Merry Christmas!

Thursday, December 23, 2010

A poem for winter...


Waking up in our barely heated dark apartment, I've been thinking lately of this poem, by Robert Hayden, that I first read while in college. It's about winter, and poverty, and fathers, and sons. And for blessings we receive whether we know them or not, and perspective upon them.

It's always been one of my favorites, partly because even though it's so simple, the meaning changes for me each time I read it.

Those Winter Sundays

Sundays too my father got up early
And put his clothes on in the blueback cold,
then with cracked hands that ached
from labor in the weekday weather made
banked fires blaze. No one ever thanked him.

I'd wake and hear the cold splintering, breaking.
When the rooms were warm, he'd call,
and slowly I would rise and dress,
fearing the chronic angers of that house,

Speaking indifferently to him,
who had driven out the cold
and polished my good shoes as well.
What did I know, what did I know
of love's austere and lonely offices?

Tuesday, December 21, 2010

Christmas time's a comin'...

Early morning fog, Old Chengguan Lu, Hongguang

...though this photo might explain why it's a teeny bit harder to get into the Christmas spirit here. Foggy, damp, and quite chilly in the morning, though sometimes the sun burns through by mid-afternoon. Though you might get the impression from the blog that I've been around all the while, most of what you've been reading lately was (gasp!) posted in advance, back in early December when I had a bit more time.

I've been out of town the last two weekends. First, on more a business trip to the town of Guang'an in Eastern Sichuan, where I got a chance to observe a few projects that my organization, MCC, is sponsoring there, in order to write about them for our American and Canadian publications in the next couple of months. Then, last weekend, a winter retreat for all of us to Beijing, which meant a chance to get together with colleagues, share thoughts and inspiration, and yes, even a quick afternoon trip to the Great Wall. Both short trips were eventful in their own ways, and you may hear more if time permits.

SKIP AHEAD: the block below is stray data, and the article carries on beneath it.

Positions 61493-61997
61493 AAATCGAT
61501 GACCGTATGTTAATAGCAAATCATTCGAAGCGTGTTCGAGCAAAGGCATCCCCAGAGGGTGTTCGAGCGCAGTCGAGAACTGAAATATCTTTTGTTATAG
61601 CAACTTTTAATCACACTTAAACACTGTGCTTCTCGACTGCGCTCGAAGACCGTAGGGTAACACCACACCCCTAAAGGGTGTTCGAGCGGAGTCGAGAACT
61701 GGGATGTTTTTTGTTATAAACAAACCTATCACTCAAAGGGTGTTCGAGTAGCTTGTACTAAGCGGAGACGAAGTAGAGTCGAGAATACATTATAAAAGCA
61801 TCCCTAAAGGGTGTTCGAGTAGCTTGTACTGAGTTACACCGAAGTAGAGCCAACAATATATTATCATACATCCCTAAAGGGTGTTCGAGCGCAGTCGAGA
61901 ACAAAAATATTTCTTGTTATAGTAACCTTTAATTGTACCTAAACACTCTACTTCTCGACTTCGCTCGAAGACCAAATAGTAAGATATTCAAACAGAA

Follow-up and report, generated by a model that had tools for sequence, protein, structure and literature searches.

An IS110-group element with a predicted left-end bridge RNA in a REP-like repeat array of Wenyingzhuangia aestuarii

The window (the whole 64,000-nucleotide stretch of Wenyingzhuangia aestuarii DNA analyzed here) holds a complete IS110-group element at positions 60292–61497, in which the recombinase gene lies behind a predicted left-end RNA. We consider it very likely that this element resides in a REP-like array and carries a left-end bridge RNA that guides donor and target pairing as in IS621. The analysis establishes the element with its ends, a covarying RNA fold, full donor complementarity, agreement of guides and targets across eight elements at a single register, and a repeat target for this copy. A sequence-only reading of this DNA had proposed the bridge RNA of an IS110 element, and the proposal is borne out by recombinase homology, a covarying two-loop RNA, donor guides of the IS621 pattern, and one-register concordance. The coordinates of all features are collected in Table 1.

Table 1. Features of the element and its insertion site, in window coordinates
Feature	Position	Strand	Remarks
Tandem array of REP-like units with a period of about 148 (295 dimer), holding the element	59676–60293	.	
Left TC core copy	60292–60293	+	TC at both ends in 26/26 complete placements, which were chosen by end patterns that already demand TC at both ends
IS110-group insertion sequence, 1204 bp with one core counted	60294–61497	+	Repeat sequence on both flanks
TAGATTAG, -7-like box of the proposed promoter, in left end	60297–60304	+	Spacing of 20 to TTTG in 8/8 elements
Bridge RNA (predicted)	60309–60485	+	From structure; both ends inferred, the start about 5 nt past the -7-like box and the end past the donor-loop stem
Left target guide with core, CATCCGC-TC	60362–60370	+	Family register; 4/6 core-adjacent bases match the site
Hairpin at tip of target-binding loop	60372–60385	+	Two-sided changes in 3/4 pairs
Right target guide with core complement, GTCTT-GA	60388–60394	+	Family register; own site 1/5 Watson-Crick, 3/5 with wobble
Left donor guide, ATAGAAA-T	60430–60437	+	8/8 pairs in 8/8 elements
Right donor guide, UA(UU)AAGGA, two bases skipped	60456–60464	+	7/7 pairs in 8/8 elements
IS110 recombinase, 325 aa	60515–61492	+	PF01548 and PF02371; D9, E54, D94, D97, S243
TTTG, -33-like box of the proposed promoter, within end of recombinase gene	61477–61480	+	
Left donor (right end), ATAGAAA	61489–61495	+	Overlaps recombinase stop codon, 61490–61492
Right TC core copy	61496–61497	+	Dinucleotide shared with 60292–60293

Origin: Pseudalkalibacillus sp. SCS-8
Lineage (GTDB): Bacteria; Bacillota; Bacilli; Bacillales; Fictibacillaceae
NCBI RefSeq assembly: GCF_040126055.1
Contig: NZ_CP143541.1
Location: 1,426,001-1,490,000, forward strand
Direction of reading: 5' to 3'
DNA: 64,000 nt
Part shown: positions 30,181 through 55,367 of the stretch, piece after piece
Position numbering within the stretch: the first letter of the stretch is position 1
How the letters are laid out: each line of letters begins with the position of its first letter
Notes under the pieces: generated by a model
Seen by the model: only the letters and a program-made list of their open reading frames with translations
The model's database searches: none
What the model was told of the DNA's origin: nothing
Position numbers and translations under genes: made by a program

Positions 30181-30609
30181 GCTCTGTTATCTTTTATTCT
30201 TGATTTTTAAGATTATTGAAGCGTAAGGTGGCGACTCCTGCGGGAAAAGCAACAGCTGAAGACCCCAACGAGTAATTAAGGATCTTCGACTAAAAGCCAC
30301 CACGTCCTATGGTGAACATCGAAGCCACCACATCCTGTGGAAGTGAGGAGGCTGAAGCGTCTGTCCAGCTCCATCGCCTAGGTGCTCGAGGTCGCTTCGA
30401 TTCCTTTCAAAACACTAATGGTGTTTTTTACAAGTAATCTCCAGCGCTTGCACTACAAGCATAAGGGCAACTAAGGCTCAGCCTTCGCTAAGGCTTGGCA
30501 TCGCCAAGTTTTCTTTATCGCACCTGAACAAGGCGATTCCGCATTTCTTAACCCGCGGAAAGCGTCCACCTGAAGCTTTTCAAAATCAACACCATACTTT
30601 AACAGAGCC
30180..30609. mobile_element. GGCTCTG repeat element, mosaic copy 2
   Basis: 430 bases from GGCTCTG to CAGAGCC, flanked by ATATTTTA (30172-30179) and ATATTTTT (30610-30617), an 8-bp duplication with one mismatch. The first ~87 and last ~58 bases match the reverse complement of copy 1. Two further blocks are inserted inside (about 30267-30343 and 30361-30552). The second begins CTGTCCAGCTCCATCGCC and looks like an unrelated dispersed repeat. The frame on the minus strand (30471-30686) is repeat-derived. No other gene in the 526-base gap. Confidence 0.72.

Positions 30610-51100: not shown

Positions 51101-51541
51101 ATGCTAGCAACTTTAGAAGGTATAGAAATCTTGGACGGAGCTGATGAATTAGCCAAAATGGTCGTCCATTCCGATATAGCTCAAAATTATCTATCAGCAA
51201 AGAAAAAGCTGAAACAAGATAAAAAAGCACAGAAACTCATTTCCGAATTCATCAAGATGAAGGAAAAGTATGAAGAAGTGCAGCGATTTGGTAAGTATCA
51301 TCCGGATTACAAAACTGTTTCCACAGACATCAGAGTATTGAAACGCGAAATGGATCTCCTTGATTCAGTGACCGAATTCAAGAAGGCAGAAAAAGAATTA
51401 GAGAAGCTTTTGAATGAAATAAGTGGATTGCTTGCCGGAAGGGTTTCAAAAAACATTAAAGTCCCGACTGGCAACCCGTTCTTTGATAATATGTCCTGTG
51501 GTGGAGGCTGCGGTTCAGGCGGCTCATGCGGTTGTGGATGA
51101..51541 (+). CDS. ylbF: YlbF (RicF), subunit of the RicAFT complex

In the meantime, I'm wrapping up finals in all of my classes, filling out rubrics and plowing through student notebooks. The big news is that we're also preparing for a big trip - to Indonesia and Thailand! Thailand, because that's where our organization holds its winter training sessions, and Indonesia because we have the chance to visit some MCC friends there as well. All lots of work and disruptions to our routines, balanced out, of course, by the fact that we are incredibly fortunate to be able to do what we're doing.

Oh, and then Christmas is coming up in the midst of all this. So yeah, things have been a bit busy as of late. Because we'll be traveling, we're not going huge on the presents this year, but we want to make sure we don't ignore Christmas, either. I've been reading Dr. Suess's How the Grinch Stole Christmas to a couple of my classes that have finished with their finals, which, in addition to the pleasure of reading the phrase "Cindy-Lou Who, who was no more than two" to my students, has been a gentle reminder to not get too Grinchy myself...